Five city employees were fired this week, even though they performed their jobs well nor did anything wrong on the job. Their only crime was being a criminal.
The Pittsbugh Post-Gazette has been reporting this case for a fortnight, yet has failed to work-up its typical furor over the incident, probably realizing that in some fashion they were the catalyst for the firings of these hard-working city employees.
The Pittsburgh Post-Gazette made a hullabaloo in Rich Lord’s July 12 article “Pittsburgh’s Public Works lacking discipline consistency” wherein a city employee who was arrested for a drug charge in 2007 was later fired for the Bull-Shit reason that he failed to mark on his city employment application that he was charged with a felony in his youth. They should have just fired him for the drug thing, but there are protocols to deal with, so they used this much easier way: firing him for providing false info on his application. He complained, and rightfully so, that the city was acting inconsistently in firing him, because there were other city employees who were also convicted criminals who failed to 'check the felon box' on their employment applications and were still working for the city.
In the aftermath of the story, other news outlets demanded to see worker lists and background checks. The city and Mayor, in typical reactionary fashion, found six more convicted felons that failed to ‘check the felon box’ on their applications, and were originally all suspended. Five were fired Monday. (See Pittsburgh Dept of Public Works suspends no-tell payrollers, July 14.)
What’s crazy is that these firings come after quotes from city Operations Diretor Art Victor like:
"Certainly the public trust issue is something that we always consider," Mr. Victor said. "But again, you have to balance that against the fact that you can't discriminate against somebody just solely based on their history."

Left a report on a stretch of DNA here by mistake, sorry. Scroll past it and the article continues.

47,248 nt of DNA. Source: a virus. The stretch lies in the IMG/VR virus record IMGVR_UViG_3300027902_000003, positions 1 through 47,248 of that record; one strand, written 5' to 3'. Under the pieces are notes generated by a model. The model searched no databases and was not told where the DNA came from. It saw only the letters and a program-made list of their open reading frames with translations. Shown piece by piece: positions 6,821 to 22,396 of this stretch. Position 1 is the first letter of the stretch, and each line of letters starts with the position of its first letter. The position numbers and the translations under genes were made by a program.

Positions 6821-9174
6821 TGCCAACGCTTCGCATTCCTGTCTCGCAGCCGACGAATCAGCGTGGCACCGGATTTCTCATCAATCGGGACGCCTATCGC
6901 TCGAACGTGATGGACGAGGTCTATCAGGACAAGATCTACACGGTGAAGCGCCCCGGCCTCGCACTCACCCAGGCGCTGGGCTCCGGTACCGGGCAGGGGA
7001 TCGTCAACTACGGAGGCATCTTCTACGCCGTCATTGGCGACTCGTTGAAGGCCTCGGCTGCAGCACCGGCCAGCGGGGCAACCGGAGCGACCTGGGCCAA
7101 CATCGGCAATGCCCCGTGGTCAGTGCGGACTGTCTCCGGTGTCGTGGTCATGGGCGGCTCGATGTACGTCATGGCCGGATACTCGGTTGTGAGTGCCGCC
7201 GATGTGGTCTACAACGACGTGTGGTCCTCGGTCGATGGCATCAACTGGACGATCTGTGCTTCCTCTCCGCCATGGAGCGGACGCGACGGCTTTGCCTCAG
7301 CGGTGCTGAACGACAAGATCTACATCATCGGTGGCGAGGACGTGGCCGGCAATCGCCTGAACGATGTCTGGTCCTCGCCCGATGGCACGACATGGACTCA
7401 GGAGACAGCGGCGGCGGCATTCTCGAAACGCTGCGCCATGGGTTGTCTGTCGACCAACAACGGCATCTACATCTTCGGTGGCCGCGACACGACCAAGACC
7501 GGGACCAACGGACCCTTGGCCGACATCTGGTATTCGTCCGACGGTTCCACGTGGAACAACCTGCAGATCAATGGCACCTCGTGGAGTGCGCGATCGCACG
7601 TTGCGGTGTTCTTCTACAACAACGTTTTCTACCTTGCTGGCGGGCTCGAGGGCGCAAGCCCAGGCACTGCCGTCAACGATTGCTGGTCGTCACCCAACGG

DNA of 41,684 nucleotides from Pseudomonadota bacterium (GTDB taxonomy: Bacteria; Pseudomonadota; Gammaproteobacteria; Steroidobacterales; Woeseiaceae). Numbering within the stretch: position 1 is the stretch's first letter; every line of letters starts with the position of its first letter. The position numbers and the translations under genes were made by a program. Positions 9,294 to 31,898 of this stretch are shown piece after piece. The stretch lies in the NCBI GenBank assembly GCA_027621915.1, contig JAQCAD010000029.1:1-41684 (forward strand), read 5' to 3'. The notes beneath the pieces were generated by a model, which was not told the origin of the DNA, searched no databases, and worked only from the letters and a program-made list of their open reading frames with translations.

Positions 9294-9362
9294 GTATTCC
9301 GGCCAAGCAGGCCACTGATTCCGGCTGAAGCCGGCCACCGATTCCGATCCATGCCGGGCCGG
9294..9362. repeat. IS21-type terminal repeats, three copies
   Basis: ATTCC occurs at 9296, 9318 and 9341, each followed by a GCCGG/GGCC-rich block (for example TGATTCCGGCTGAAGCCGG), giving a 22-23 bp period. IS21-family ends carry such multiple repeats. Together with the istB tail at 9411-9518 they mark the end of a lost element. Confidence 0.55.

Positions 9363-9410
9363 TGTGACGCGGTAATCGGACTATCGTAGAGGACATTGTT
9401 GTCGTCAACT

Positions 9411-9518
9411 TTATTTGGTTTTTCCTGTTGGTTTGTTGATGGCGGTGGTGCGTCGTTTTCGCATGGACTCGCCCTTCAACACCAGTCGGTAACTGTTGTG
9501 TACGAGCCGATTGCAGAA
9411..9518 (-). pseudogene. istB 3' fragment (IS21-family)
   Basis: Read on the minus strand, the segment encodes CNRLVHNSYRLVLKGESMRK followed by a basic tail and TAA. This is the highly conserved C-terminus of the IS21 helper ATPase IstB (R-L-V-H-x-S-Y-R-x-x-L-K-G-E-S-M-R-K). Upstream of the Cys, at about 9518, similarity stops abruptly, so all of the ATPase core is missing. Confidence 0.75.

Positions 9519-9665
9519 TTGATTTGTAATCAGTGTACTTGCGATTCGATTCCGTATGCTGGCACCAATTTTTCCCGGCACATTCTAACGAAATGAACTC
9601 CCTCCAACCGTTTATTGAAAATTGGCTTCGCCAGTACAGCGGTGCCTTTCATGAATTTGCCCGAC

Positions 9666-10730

But that’s presicely what they have done, for the sake of consistency. And…
[the city] "can't have a blanket statement or blanket policy that we're not going to hire anybody who has a felony conviction. We would be consigning people to a life sentence for something that they've already paid the price for."
Exactly! As one of the fired workers said,
"My record is clean, even my city record. I've never even been late."
So the real question is…
"When is somebody's debt to society paid?" as asked by Teamsters Local 249 Vice President Joe Rossi, "Where do we draw the line?"
I say we draw the line at removing the “felon box” from city applications. There is a reason former felons don't check the felon box: They don't get hired! A small lie can mean the difference between a potential interview, and your application in the recycling bin. Public works isn’t out there providing child care or even handling money, or other high risk jobs. Public Works trims trees, collects garbage, paints, sweeps streets, drives trucks. These are not jobs that a criminal record should even be considered about. If somebody’s debt to society has been paid, it is our job as a society to help reintegrate them back into life. It’s the most rehabilitative thing we could do. I say re-hire the fired employees, and at a policy level, I say Ban the Box!
"They're gonna throw the book at him, Nick. Your son or not."
~Mr. Gunther, esq.